Neanderthals’ DNA legacy linked to modern ailments

Full from http://news.harvard.edu/gazette/story/2014/01/neanderthals-dna-legacy-linked-to-modern-ailments/ ;

Remnants of Neanderthal DNA in modern humans are associated with genes affecting type 2 diabetes, Crohn’s disease, lupus, biliary cirrhosis, and smoking behavior. They also concentrate in genes that influence skin and hair characteristics. At the same time, Neanderthal DNA is conspicuously low in regions of the X chromosome and testes-specific genes.

The research, led by Harvard Medical School (HMS) geneticists and published Jan. 29 in Nature, suggests ways in which genetic material inherited from Neanderthals has proven both adaptive and maladaptive for modern humans. (A related paper by a separate team was published concurrently in Science.)

“Now that we can estimate the probability that a particular genetic variant arose from Neanderthals, we can begin to understand how that inherited DNA affects us,” said David Reich, professor of genetics at HMS and senior author of the paper.

In the past few years, studies by groups including Reich’s have revealed that present-day people of non-African ancestry trace an average of about 2 percent of their genomes to Neanderthals — a legacy of interbreeding between humans and Neanderthals that the team previously showed occurred between 40,000 to 80,000 years ago. (Indigenous Africans have little or no Neanderthal DNA because their ancestors did not breed with Neanderthals, who lived in Europe and Asia.)

Several teams have since been able to flag Neanderthal DNA at certain locations in the non-African human genome, but until now, there was no survey of Neanderthal ancestry across the genome and little understanding of the biological significance of that genetic heritage.

“The story of early human evolution is captivating in itself, yet it also has far-reaching implications for understanding the organization of the modern human genome,” said Irene A. Eckstrand of the National Institutes of Health’s National Institute of General Medical Sciences, which partially funded the research. “Every piece of this story that we uncover tells us more about our ancestors’ genetic contributions to modern human health and disease.”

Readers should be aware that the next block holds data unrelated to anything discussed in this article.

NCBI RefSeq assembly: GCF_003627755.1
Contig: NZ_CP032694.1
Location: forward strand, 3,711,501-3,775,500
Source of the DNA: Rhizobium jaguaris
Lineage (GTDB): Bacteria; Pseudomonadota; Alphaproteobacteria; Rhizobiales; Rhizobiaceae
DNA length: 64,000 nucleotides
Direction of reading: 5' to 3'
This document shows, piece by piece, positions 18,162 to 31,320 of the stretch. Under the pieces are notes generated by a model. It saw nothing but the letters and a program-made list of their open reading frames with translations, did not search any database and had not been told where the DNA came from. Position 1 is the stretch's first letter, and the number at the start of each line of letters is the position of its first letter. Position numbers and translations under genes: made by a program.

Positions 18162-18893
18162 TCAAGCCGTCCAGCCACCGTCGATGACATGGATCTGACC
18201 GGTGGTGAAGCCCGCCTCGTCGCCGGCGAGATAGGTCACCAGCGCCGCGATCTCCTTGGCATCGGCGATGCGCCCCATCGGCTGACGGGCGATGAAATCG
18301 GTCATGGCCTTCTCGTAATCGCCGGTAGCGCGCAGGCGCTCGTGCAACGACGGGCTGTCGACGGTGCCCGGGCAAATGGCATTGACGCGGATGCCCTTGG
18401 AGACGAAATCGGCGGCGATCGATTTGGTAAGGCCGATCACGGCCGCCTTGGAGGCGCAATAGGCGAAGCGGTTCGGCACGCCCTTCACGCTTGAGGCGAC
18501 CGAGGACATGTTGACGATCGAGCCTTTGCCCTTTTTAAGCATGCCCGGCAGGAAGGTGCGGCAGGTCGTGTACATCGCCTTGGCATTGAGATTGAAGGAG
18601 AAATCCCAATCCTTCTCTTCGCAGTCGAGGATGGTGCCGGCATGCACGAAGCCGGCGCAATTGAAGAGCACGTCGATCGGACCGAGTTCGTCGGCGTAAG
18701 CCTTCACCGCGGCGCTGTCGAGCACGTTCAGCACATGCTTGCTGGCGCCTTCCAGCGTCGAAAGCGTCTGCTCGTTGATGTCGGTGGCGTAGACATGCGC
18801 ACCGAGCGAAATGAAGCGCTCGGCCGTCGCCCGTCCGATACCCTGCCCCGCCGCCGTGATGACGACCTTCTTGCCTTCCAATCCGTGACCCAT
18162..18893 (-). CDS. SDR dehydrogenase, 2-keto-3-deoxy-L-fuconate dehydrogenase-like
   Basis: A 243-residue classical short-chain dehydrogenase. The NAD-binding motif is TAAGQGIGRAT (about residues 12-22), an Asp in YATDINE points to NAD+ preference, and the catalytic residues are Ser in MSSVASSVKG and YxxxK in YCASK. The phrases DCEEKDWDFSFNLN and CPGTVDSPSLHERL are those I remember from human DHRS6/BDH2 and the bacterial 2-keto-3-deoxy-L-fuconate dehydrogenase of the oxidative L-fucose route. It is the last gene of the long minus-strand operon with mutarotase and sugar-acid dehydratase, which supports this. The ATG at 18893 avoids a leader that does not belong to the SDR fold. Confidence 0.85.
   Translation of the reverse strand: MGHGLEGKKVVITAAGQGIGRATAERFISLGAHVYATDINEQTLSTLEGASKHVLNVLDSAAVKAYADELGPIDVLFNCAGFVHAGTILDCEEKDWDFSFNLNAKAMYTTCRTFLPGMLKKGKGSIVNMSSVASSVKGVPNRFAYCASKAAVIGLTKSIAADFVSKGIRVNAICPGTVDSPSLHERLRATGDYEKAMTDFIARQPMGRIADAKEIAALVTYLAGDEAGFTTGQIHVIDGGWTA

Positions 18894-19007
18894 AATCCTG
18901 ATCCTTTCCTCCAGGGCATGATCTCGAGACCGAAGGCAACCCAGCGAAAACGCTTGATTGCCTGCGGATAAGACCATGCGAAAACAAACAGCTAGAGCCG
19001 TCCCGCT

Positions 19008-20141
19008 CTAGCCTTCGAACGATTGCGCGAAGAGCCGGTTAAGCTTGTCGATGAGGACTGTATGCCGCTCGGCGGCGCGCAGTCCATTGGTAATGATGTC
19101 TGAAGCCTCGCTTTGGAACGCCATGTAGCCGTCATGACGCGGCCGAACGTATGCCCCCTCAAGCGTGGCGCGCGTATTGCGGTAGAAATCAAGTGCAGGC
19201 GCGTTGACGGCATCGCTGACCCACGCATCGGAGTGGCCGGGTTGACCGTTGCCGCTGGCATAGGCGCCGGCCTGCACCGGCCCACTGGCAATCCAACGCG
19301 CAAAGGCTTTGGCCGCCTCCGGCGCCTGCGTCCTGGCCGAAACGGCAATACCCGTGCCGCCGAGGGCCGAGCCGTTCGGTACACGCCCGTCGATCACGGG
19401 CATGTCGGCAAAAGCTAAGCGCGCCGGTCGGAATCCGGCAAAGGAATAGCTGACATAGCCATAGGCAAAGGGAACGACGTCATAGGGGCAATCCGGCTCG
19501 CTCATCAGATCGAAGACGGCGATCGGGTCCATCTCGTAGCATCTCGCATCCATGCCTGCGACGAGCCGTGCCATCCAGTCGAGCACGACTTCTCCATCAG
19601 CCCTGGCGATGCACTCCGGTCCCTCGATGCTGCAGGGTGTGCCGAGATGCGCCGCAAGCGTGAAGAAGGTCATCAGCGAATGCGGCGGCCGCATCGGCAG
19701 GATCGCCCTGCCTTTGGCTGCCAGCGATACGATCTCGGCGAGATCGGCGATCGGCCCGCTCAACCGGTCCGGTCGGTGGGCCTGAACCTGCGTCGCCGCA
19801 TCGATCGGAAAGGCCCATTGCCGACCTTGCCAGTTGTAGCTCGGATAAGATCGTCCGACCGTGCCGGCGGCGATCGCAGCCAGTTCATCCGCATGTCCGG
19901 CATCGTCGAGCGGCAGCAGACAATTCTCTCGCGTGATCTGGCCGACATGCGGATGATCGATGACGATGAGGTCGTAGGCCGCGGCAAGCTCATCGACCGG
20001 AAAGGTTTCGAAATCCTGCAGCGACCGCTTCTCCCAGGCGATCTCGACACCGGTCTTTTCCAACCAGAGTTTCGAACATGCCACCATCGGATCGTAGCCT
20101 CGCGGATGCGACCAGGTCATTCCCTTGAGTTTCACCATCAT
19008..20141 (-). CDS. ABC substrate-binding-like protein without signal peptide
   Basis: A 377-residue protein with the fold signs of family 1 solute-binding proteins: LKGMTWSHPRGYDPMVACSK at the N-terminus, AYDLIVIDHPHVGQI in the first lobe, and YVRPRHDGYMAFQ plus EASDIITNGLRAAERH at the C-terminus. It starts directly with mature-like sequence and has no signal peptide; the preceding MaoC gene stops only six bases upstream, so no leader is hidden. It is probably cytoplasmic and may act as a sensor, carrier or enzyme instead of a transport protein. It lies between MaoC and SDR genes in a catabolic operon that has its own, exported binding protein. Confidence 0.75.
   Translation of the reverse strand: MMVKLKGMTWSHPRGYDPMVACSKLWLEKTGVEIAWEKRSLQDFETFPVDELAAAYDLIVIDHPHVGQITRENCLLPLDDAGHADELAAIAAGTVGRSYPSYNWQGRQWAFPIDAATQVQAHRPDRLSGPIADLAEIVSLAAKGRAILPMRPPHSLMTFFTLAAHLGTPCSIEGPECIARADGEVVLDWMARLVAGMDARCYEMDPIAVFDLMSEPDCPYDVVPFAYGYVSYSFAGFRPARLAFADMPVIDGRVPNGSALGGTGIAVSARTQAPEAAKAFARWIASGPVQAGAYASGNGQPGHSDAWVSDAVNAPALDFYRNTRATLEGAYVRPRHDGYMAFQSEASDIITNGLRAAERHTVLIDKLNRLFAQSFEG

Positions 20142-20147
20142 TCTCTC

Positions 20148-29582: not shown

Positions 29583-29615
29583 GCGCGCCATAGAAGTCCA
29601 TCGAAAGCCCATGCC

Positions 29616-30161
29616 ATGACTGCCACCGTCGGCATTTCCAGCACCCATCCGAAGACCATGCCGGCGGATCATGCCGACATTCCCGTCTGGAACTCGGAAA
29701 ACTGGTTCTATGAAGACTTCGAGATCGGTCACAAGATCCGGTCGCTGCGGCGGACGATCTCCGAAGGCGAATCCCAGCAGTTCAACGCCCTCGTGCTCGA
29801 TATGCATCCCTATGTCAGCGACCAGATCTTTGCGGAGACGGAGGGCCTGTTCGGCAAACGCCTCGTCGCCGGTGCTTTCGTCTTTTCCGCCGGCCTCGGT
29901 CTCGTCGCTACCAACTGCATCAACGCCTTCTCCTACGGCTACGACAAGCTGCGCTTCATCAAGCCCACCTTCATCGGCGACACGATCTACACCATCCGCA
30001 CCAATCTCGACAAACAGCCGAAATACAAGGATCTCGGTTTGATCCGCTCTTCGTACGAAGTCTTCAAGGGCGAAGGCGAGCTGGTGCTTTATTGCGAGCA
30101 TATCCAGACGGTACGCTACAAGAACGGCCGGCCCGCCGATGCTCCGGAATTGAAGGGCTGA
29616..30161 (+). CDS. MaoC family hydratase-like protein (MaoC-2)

Deserts and oases

Reich and his colleagues — including Svante Pääbo of the Max Planck Institute for Evolutionary Anthropology in Germany — analyzed genetic variants in 846 people of non-African heritage, 176 people from sub-Saharan Africa, and a 50,000-year-old Neanderthal whose high-quality genome sequence the team published in 2013.

The most powerful information the researchers used to determine whether a gene variant came from a Neanderthal was if it appeared in some non-Africans and the Neanderthal, but not in the sub-Saharan Africans.

Using this and other types of information, the team found that some areas of the modern non-African human genome were rich in Neanderthal DNA, which may have been helpful for human survival, while other areas were more like “deserts” with far less Neanderthal ancestry than average.

The barren areas were the “most exciting” finding, said first author Sriram Sankararaman of HMS and the Broad Institute of Harvard and MIT. “It suggests the introduction of some of these Neanderthal mutations was harmful to the ancestors of non-Africans and that these mutations were later removed by the action of natural selection.”

The team showed that the areas with reduced Neanderthal ancestry tend to cluster in two parts of our genomes: genes that are most active in the male germline (the testes) and genes on the X chromosome. This pattern has been linked in many animals to a phenomenon known as hybrid infertility, where the offspring of a male from one subspecies and a female from another have low or no fertility.

“This suggests that when ancient humans met and mixed with Neanderthals, the two species were at the edge of biological incompatibility,” said Reich, who is also a senior associate member of the Broad Institute and an investigator at the Howard Hughes Medical Institute. Present-day human populations, which can be separated from one another by as much as 100,000 years (such as West Africans and Europeans), are fully compatible with no evidence of increased male infertility. In contrast, ancient human and Neanderthal populations apparently faced interbreeding challenges after 500,000 years of evolutionary separation.